2. Registering rights derived from acts between spouses
The matrimonial property regime determines the rules governing the economic relations between spouses or registered partners. Following marriage, is frequent that a set of assets become matrimonial or common property of the couple, while others remain as private property of each of them.
In that situation, spouses can transfer properties from one category to another, they can dispose any of their properties in favor of each other, or even they can modify their matrimonial property regime.
When marriage or registered partnership ends, either by divorce or by death, common properties must be liquidated and distributed between spouses or their heirs. And this could be done either by a court decision or by an agreement of the interested parties.
All these situations are relevant for the land registry, since they all produce an alteration in the registered title.
This section will explain which concrete acts performed by the couple can modify the registered right, and which are the requirements demanded by the land registry for that purpose. Those could be referred to the type of documents which must be presented and the minimum content thereof. It will also deal with the additional requirements that will be demanded by the land registry before registration, like payment of taxes or the previous registration in special registers.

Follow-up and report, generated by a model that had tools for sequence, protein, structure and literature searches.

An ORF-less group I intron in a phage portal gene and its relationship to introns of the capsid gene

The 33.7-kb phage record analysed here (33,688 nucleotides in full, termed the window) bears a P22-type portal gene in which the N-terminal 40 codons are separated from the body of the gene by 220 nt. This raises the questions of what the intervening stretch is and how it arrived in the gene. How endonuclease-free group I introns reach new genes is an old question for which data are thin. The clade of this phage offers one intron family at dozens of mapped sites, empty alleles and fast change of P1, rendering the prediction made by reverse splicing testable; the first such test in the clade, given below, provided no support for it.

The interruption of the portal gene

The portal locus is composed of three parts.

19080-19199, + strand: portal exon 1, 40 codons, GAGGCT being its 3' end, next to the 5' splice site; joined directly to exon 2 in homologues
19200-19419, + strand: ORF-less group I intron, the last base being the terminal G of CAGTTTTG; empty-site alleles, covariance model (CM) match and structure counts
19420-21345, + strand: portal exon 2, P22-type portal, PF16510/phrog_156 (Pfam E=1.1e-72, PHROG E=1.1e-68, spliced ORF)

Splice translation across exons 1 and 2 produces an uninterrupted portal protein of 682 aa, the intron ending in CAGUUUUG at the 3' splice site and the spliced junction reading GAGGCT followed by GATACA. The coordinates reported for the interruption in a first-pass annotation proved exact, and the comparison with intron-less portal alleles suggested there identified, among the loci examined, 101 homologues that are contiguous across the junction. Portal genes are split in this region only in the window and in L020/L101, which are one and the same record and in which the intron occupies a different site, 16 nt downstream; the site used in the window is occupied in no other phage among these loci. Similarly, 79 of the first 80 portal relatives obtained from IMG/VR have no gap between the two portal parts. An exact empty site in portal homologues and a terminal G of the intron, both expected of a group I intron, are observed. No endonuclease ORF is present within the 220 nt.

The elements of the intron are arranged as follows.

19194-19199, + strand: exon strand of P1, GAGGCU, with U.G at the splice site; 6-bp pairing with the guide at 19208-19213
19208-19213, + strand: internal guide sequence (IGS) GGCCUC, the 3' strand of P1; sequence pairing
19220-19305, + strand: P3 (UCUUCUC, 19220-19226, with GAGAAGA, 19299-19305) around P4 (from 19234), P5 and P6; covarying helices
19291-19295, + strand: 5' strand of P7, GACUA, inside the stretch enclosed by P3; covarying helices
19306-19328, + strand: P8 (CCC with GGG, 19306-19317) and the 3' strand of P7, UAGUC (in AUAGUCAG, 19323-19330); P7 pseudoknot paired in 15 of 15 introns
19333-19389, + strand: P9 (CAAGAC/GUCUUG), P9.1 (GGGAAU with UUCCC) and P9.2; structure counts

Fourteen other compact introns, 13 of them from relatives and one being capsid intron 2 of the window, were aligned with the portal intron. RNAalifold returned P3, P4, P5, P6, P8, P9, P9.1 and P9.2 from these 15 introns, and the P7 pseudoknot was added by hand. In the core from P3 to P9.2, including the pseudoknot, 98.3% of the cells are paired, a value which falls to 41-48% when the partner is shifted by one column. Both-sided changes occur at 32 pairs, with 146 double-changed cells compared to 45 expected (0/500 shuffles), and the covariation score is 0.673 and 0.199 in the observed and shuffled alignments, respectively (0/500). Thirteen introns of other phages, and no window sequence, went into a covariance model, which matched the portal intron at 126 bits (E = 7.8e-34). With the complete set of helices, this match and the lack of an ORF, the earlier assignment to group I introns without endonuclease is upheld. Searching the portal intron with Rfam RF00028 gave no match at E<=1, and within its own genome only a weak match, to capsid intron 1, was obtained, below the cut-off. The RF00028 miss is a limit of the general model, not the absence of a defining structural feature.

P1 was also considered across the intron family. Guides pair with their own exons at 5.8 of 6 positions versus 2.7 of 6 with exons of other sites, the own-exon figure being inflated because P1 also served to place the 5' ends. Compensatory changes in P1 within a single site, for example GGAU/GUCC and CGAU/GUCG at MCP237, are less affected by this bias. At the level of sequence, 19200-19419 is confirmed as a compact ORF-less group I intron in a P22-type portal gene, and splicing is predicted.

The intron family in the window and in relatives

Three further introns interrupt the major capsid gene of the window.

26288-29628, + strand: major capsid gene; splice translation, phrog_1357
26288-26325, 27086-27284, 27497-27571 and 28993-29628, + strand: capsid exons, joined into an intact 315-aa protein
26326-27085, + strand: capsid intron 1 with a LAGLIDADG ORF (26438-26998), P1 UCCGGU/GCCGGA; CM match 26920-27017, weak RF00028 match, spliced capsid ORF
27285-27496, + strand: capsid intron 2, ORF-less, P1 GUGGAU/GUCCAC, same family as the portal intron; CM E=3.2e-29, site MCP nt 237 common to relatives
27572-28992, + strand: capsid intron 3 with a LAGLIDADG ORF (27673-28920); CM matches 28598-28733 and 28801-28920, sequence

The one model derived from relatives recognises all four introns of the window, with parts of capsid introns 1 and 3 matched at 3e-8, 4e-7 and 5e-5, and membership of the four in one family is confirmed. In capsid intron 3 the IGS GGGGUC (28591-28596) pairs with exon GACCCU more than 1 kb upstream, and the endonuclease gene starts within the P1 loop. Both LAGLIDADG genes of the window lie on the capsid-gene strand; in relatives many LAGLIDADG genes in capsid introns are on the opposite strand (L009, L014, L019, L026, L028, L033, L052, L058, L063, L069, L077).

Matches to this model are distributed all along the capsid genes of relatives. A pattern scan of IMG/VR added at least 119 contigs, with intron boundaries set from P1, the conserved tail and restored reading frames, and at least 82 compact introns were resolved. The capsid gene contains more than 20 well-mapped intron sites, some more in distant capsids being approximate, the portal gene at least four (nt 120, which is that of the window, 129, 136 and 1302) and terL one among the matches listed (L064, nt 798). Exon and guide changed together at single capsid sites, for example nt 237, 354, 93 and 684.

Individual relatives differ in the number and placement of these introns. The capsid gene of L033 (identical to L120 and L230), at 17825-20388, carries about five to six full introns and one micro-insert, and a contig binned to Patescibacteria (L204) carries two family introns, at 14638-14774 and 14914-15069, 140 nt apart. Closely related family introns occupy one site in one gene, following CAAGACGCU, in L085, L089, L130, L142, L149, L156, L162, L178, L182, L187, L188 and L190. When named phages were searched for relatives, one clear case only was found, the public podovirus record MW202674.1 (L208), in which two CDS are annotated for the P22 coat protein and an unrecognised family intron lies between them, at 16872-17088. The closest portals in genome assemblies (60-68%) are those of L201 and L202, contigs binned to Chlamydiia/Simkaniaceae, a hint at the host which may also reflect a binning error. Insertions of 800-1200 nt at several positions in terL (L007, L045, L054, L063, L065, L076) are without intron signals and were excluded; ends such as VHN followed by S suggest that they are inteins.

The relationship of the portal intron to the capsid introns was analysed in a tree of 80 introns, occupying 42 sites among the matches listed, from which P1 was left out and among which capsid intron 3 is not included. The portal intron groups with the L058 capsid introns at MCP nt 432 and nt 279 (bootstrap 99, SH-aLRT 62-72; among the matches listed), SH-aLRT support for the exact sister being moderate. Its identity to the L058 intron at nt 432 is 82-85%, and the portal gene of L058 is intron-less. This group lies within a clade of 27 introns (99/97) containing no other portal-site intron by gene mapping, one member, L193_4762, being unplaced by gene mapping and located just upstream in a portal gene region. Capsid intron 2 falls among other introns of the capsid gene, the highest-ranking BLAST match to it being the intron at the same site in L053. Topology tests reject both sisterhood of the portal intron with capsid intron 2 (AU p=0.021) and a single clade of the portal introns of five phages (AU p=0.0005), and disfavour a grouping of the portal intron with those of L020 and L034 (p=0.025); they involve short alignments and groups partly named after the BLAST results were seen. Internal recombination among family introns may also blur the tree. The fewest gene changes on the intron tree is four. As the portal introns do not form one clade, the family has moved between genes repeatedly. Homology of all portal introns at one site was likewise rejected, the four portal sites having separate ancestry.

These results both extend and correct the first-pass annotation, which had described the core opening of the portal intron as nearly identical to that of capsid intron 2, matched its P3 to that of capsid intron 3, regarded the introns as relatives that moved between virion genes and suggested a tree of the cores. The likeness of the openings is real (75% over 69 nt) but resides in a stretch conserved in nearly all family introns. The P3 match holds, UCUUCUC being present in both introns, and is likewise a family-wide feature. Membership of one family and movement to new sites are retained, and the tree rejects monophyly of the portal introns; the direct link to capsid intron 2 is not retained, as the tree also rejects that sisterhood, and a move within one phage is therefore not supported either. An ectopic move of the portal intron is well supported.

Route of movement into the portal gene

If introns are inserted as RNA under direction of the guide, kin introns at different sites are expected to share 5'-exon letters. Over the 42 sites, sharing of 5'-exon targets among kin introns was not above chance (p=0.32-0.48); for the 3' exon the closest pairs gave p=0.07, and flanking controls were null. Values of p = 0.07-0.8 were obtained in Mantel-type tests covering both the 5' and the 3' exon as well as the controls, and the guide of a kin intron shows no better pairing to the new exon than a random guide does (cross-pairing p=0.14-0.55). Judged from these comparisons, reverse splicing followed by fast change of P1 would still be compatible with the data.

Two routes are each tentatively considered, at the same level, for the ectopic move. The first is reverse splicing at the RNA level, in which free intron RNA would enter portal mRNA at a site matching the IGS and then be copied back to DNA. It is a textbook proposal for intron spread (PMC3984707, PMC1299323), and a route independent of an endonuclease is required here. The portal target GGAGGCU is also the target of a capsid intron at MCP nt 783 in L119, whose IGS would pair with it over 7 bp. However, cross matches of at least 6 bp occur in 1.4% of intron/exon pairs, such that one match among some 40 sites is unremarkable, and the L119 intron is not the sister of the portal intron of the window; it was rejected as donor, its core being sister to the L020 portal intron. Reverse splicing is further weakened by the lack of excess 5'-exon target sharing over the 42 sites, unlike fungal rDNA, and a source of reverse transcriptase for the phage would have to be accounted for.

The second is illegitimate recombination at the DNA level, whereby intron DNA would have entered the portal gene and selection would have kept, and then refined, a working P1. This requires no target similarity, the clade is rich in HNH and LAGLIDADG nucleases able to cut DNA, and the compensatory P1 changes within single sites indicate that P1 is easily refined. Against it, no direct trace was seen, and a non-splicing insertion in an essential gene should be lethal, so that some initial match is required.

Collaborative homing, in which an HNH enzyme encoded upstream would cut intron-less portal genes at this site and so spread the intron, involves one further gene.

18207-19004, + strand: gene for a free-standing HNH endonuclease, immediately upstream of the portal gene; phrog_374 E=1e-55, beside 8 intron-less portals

Finally, account must be taken to the fact that Land Registration Law, which is excluded from the scope of the EU Regulations, combines some genuine registration rules with others which are procedural rules established in consideration to the sustantive law applicable to the devoted act or relation in which is found the right of the applicant.
For that reason, on the on hand when the applicable law to the matrimonial property regime is from a third country, the land registry should not ask for requirements imposed by its own local substantive law, but it will might demand prove of the specificx content of the foreign applicable law.
On the other hand, the land registry will demand special requirements for registration imposed by the local registration rules even when those might not be applicable in that third country where the act had been performed. For instance, an authentic act is frequently imposed by land registry law in order to register any modification of the tile, even in the case the substantive law might not demand such a qualified formal document.
Would the Land Registry make changes in ownership’s entry on the bases of acts performed between the spouses or between members of a registered partnership?